Alberta produces about 3.7 million barrels per day of oil, or approximately 250,000 barrels more than can be shipped. This oversupply has led to storage volumes swelling to 35 million barrels, about twice normal levels. Notley’s mandatory production cut reduced output by 325,000 barrels per day, starting Jan. 1. Each company’s cut is 8.7 percent from the average of its six highest output months. For some producers, their actual reductions will be greater. Projections show storage volumes falling by half in the first quarter, at which point the mandatory cutback volume will shrink to only 95,000 barrels per day for the balance of 2019.
Producers and the Alberta government must be pleased with the market’s response to the production cut announcement. On July 10, 2018, the discount between WTI and Western Canadian Select was $20.02 per barrel. By Oct. 23, it had widened to $47, making the oil glut a high-profile issue. On Nov. 28, Premier Notley announced the rail export plan, and the market responded. Two days following her announcement, the discount had shrunk by $4.50 a barrel to $28.50. However, it still exceeded the estimated $22 a barrel cost to ship oil by rail from Alberta to the U.S. Gulf Coast.
The first trading day following Alberta’s production cut decision, the discount fell to $21.58 a barrel. Ten days later, the discount was down to $17.52. A week later, the discount had shrunk by another 10 percent. All of the price improvement is attributable to the market’s understanding that Alberta’s oil surplus is over, even if it is only temporary.
Several integrated producers expressed their displeasure with Alberta’s action when they announced flat or lower capital spending plans for 2019. Their argument is that they have built their business models “to capture value through commodity cycles, whether it comes from refining margins in the downstream or from improved prices in the upstream,” as explained by Husky Energy. Their contempt for non-integrated producers is evident. Suncor, the nation’s largest oil producer, was more critical, stating in its press release: “In the short term, the Government of Alberta action has resulted in winners and losers in the market, shutting in valuable upgrading throughput and has made transporting crude oil out of the province by rail uneconomic.” For these companies, Premier Notley’s move was politically motivated in hopes of offsetting the growing “separatism” movement in the province and boosting her re-election chances. Once more, politics and energy are deeply intertwined, only this time it is in energy-rich Canada, one of the last places expected to embrace OPEC-like tactics.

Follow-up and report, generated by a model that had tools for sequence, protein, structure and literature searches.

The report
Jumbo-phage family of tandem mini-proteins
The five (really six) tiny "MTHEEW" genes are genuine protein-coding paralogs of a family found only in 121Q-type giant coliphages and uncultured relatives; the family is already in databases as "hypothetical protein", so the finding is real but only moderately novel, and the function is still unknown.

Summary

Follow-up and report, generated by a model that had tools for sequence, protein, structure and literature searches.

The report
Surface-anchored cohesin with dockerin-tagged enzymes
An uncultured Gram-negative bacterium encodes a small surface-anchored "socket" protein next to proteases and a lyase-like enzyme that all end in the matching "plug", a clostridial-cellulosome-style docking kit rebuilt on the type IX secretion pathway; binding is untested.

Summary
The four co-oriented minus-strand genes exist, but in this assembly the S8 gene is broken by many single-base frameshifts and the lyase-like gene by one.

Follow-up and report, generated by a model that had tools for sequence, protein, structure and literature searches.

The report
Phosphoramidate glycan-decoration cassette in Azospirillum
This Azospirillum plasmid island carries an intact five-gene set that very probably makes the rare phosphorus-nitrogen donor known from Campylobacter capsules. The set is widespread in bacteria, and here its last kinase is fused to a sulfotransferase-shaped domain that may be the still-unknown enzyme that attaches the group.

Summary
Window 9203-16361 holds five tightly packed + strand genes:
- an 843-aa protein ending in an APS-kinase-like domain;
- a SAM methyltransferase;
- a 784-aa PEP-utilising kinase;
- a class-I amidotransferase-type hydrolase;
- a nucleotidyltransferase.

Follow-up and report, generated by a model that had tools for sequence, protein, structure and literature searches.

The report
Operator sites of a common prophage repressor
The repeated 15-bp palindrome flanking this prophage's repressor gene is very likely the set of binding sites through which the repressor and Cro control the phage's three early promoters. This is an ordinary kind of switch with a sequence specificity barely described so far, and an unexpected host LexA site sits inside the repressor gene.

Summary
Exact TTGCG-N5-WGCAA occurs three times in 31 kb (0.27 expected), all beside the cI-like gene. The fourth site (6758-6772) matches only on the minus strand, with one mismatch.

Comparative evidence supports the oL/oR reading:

(Editor's Note: Part one ran in December, read the article here: Canada's Energy Policy Creates Structural Problems for Oil and Gas Industry)
Allen is a 45-year energy industry veteran, Wall Street analyst, company executive, consultant and board director. Author: Musings From the Oil Patch. MD at PPHB LP. Reach Allen at email@example.com.
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Managing Director, PPHB LP